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The sand and the fury: Dunes are swallowing Table View


The sand and the fury: Dunes are swallowing Table View

Roads bordering the beach being buried by destabilised sand dunes, and it'll take R35m to solve the problem


It’s people vs sand in the Table View area north of Cape Town, where R35-million is needed to stave off a dune invasion.
In recent months roads bordering the beach, especially busy Marine Drive, have just about been buried, and it turns out the whole dune system from Dolphin Beach to Blouberg has to be “rehabilitated, reshaped and stabilised”, said ward councillor Nicky Rheeder.Until the money is found, officials are concentrating on clearing areas where dunes are moving into the road.
“The dune system is dynamic. Due to erosion over the years, the drought and the lack of vegetation to keep the sand at bay, the dune system is moving over to the road,” said Rheeder.
“Remember that where KFC is now was once a dune. We need to rehabilitate them in order to keep the sand on the dunes and off the road, parking and grass.”Rheeder explained that R35-million is a conservative figure for the project that could take about two years to complete.
“It would involve moving sand, putting vegetation in place and shaping the dune, among other things. This will be a very complex process,” she said.
Cameron Collins, a manager at Jerry’s Burger Bar, said the sand often made it impossible for cyclists to stay in their special lanes, and it could become a nightmare for pedestrians.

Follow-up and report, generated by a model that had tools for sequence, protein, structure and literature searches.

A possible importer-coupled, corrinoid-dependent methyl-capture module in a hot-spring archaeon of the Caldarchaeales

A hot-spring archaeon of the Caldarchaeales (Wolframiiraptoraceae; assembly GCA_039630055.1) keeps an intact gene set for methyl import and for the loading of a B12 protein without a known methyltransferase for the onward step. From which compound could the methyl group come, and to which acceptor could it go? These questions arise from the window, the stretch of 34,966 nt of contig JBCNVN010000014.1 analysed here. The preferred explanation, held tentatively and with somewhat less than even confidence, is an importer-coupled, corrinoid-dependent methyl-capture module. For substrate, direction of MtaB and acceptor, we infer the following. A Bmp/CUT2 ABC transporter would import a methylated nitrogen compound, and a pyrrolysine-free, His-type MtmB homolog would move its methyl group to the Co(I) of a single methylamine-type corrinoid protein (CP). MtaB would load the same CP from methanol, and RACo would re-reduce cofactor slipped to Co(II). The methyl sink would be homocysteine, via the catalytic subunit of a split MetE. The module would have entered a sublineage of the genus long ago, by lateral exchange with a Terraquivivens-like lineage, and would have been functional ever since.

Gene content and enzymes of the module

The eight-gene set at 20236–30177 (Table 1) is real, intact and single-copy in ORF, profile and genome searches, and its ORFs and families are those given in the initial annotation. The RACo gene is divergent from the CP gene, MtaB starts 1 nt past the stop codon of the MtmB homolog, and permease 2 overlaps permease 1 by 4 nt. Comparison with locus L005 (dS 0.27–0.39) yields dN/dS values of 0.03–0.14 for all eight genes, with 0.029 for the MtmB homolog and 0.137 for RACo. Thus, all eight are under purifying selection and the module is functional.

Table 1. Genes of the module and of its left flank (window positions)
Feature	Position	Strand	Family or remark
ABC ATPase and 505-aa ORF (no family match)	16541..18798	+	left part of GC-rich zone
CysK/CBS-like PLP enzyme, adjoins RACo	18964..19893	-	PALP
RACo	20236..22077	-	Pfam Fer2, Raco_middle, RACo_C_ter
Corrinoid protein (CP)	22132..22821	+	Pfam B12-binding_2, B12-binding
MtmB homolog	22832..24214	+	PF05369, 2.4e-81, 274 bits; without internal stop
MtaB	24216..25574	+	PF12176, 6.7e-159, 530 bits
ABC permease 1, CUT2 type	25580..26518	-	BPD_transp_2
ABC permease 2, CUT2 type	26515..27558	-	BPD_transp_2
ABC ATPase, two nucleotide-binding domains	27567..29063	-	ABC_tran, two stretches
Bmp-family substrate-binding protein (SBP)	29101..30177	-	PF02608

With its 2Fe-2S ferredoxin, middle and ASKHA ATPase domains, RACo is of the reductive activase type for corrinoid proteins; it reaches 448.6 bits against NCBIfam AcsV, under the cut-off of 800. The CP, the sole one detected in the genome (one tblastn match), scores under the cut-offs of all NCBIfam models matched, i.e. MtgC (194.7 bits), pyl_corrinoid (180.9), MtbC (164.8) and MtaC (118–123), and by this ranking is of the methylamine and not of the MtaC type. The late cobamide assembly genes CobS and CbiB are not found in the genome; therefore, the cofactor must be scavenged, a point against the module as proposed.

“I’ve seen workers move the sand back to the beach but then it builds up again,” said Collins.
An employee at Board and Kite Africa, who did not want to be named, said the area was world famous for kite surfers because of the wind.“As long as there is wind we can’t complain because we are in the business of selling kites. But the streets have become beaches and  it is my opinion that perhaps it has to do with the amount of construction along the coastline. A lot of walkways are also being covered with sand,” he said.
“A long-term solution is what is needed.”
Sand-flow problems are not restricted to this area. In 2013, the nudist beach at Sandy Bay — between Llandudno and Hout Bay on  the Cape peninsula — was running out of sand due to human activity, which disrupts natural sand flow.The Sunday Times reported at the time that it prompted an “unusual emergency sand dump plan”. Officials planned to transport about 25,000 cubic metres of sand to the area.
In 2016 a section of a couple’s retirement home was swallowed by a sand dune in Oyster Bay in the Eastern Cape. The area had lost four other houses.

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